: Kadena Municipal Assembly in Okinawa adopts a resolution and a statement of opinion on a recent mishap involving a U.S. F-15 fighter jet at Kadena Air Base. The assembly demands that the U.S. military take measures to prevent accidents and that they remove the F-15 squadron from Kadena.
: Okinawa Gov. Inamine officially announces opposition to a plan to relocate the U.S. Marine Corps’ Futemma Air Station within Okinawa.
: Yomiuri Shimbun reports that JDA head Nukaga proposed a new framework for security cooperation to replace the 1997 Guidelines for Japan-U.S. Defense Cooperation during “2+2” meeting in Washington.
: The U.S. and Japan release a joint statement confirming a bilateral deal to realign U.S. Forces in Japan by 2014. Major features include the integration of USFJ command structures with the headquarters of several branches on the U.S. mainland. Under the deal, Japan will pay for infrastructure costs and the U.S. for operational moves.
: Japan Times reports that the Japanese government plans to slash defense spending to come up with the ¥2.71 trillion needed to shoulder the cost of realigning the U.S. military presence. It also plans to ask the U.S. for an overhaul of Japan’s payments hosting U.S. forces, including abolishing the practice of Tokyo paying utility bills for bases.
: Deputy Defense Undersecretary for Asia and Pacific Affairs Richard Lawless reports that Japan will pay an estimated $26 billion or more to help implement the U.S. military realignment in Japan over six to seven years.
: Yomiuri Shimbun reports that the U.S. will return four military facilities in Okinawa to Japan. Marine Corps’ Futenma Air Station, Naha Military Port, Makiminato Service Area in Urasoe, and Camp Kuwae in Chatancho will all be returned by the end of fiscal 2013.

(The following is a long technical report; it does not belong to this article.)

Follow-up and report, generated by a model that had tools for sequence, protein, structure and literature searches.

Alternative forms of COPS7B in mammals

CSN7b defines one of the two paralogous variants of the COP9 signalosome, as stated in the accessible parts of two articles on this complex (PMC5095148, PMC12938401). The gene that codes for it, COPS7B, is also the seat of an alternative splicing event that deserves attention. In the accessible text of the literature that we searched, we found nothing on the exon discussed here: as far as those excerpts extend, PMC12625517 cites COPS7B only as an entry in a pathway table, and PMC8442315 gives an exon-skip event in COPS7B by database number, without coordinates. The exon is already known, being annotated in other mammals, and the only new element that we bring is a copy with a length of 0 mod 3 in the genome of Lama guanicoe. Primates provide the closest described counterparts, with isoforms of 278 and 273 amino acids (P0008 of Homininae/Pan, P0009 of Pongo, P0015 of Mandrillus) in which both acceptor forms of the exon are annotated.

: Japan and the U.S. strike a deal on sharing the cost of relocating 8,000 U.S. Marines from Okinawa to Guam, with Tokyo paying 59 percent, or $6.09 billion, of the estimated $10.27 billion total cost through grants, investment and loans. JDA Director Gen. Nukaga and Defense Secretary Rumsfeld announce the agreement, paving the way for implementation of the package to realign the U.S. military presence in Japan.
: Yomiuri Shimbun reports that Japanese and U.S. defense and foreign ministry officials agree to move KC-130 midair refueling planes to Iwakuni Air Base in Yamaguchi Prefecture, and to use a U.S. base in Guam or the Maritime Self-Defense Force’s Kanoya Naval Base in Kagoshima Prefecture during prolonged training maneuvers involving the planes.
: U.S. Agriculture Secretary Mike Johanns repeats request that the Japanese ban on U.S. beef be lifted early, warning that Congress will likely reach the limit of its patience with Japan by the end of the month.
: Okinawa Gov. Inamine Keiiji voices opposition to a government plan to relocate a U.S. Marine Corp Air Station, including provisions to build two large runways.
: Japanese Defense Agency (JDA) chief Nukaga Fukushiro and Nago Mayor Shimabukuro Yoshikazu agree to build two runways at the site of a U.S. military airfield to be constructed in Nago, Okinawa Prefecture.
: Kyodo reports that Japan and the U.S. agree to begin two-year joint research projects in developing advance technologies for a sea-based radar system and combat command system as part of bilateral cooperation in ballistic missile defense.